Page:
|Contact ALCES for IBI Group, 2009|
The Sediment Delivery Problem
The linking of on-site rates of erosion and soil loss within a drainage basin to the sediment yield at the basin outlet, and improved knowledge and representation of the associated processes of sediment delivery, represent a major research need within the field of erosion and sedimentation and also an important scale problem in drainage basin studies. This paper reviews the limitations of the sediment delivery ratio concept by considering the problems of temporal and spatial lumping and its blackbox nature. Some recent advances in our understanding of the sediment delivery system and its modelling are described and the lack of empirical investigations is highlighted. The significance of recent concern for the role of sediments in the transport of nutrients and contaminants to sediment delivery studies is introduced, and the need for further work in this field is emphasized.
|Contact ALCES for D.E. Walling, 1982|
Triage for conserving populations of threatened species: The case of woodland caribou in Alberta
Richard R. Schneider, Grant Hauer, W.L. (Vic) Adamowicz, Stan Boutin
Prioritization of conservation efforts for threatened and endangered species has tended to focus on factors measuring the risk of extirpation rather than the probability of success and cost. Approaches such as triage are advisable when three main conditions are present: insufficient capacity exists to adequately treat all patients, patients are in a critical state and cannot wait until additional capacity becomes available, and patients differ in their likely outcome and/or the amount of treatment they require. The objective of our study was to document the status of woodland caribou (Rangifer tarandus) herds in Alberta, Canada, with respect to these three conditions and to determine whether a triage approach might be warranted. To do this we modeled three types of recovery effort – protection, habitat restoration, and wolf control – and estimated the opportunity cost of recovery for each herd. We also assessed herds with respect to a suite of factors linked to long-term viability. We found that all but three herds will decline to critical levels (<10 animals) within approximately 30 years if current population trends continue. The opportunity cost of protecting all ranges by excluding new development, in terms of the net present value of petroleum and forestry resources, was estimated to be in excess of 100 billion dollars (assuming no substitution of activity outside of the ranges). A habitat restoration program applied to all ranges would cost several hundred million dollars, and a provincial-scale wolf control program would cost tens of millions of dollars. Recovery costs among herds varied by an order of magnitude. Herds also varied substantially in terms of their potential viability. These findings suggest that woodland caribou in Alberta meet the conditions whereby triage should be considered as an appropriate conservation strategy.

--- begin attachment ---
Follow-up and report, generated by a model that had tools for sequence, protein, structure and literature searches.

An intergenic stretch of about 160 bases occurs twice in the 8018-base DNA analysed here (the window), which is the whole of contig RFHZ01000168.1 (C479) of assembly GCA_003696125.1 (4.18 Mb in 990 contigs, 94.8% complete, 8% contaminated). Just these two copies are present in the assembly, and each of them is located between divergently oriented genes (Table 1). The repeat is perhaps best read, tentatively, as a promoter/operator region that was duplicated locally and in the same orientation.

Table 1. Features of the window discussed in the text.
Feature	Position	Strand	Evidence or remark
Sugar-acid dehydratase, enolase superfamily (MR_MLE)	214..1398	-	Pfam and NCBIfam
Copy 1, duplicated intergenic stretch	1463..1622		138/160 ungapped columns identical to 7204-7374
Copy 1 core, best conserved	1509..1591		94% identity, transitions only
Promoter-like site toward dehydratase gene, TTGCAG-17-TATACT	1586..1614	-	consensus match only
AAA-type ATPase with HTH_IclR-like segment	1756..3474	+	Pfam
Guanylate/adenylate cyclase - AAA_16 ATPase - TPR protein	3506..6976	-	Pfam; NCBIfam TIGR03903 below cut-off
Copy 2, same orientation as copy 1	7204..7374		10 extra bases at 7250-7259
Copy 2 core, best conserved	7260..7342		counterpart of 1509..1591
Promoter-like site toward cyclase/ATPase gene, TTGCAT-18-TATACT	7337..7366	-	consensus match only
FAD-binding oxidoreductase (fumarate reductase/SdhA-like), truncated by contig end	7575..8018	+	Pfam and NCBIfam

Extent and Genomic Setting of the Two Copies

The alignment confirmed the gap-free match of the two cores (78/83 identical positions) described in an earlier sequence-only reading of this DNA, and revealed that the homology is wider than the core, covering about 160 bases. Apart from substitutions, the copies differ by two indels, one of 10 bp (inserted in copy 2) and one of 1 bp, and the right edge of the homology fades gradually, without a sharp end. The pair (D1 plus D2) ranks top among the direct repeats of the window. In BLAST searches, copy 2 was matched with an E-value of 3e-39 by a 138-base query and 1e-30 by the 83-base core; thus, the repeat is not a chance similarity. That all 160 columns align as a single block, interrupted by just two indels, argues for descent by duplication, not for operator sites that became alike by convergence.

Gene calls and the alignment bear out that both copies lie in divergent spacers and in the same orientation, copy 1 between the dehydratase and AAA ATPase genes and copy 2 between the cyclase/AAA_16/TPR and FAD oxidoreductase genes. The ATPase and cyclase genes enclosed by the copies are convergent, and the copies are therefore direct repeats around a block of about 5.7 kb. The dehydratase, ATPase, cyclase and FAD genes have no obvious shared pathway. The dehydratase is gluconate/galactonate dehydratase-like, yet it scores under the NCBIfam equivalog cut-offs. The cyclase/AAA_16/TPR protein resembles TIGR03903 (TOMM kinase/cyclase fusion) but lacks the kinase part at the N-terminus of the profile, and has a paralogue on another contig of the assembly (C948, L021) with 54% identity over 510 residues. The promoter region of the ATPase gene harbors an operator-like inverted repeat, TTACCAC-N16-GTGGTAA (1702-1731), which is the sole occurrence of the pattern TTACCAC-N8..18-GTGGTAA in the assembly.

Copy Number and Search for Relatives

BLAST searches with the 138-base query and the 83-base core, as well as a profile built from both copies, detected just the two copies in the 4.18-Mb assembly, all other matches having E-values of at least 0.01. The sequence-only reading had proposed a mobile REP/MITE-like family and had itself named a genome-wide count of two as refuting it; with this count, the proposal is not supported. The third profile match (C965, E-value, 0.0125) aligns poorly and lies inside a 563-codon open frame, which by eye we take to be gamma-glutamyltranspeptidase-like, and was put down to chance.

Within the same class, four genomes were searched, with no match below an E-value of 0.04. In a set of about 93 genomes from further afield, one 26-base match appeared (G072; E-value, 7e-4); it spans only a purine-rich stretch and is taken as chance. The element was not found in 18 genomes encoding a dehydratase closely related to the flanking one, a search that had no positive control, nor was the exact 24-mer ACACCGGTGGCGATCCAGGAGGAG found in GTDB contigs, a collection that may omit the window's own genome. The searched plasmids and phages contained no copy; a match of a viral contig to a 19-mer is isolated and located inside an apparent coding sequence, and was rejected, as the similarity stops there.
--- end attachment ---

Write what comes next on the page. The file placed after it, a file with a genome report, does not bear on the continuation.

|Contact ALCES for Richard R. Schneider, Grant Hauer, W.L. (Vic) Adamowicz, Stan Boutin , 2010|
Warning Signs Mitigate Deer–Vehicle Collisions in an Urban Area
Rob Found, Mark S. Boyce
Increasing collisions with deer (Odocoileus spp.) and other large animals, and the rise in associated public safety risks and economic costs, have made mitigation strategies a priority for both transportation and wildlife managers. Deer-crossing warning signage is one of the oldest forms of mitigating deer–vehicle collisions (DVCs), but despite their low cost and logistical simplicity, the effectiveness of standard-sized permanent warning signage at reducing DVCs has not previously been adequately determined. We used historical DVC data, based on deer carcass retrieval, to identify and target areas and periods of high collision frequency. We installed warning signs at these high collision frequency locations and then compared DVCs to un-signed control locations. The total number of DVCs at signed hotspots was significantly different in the year after the signs were installed, compared to the 3 prior years (F13 ¼ 4.99, P ¼ 0.004). Although the single year of posttreatment data means the long-term efficacy of warning signage remains unknown, we showed that in the first year after installation, deer-crossing signs targeting high collision locations can be effective at reducing DVCs.
|Contact ALCES for Rob Found, Mark S. Boyce, 2011|
Water Quality Study of Waiparous Creek, Fallentimber Creek and Ghost River
Increased usage of the Ghost -Waiparous basin for random camping and off-highway vehicles (OHVs) has raised concerns among stakeholders that these activities are affecting water quality in the Ghost, Waiparous and Fallentimber Rivers. This report to Alberta Environment attempts to determine whether there is a linkage between these activities and water quality in these three rivers and documents baseline water quality prior to the implementation of an access management plan by the Alberta Government.
|Contact ALCES for Daniel Andrews, 2006|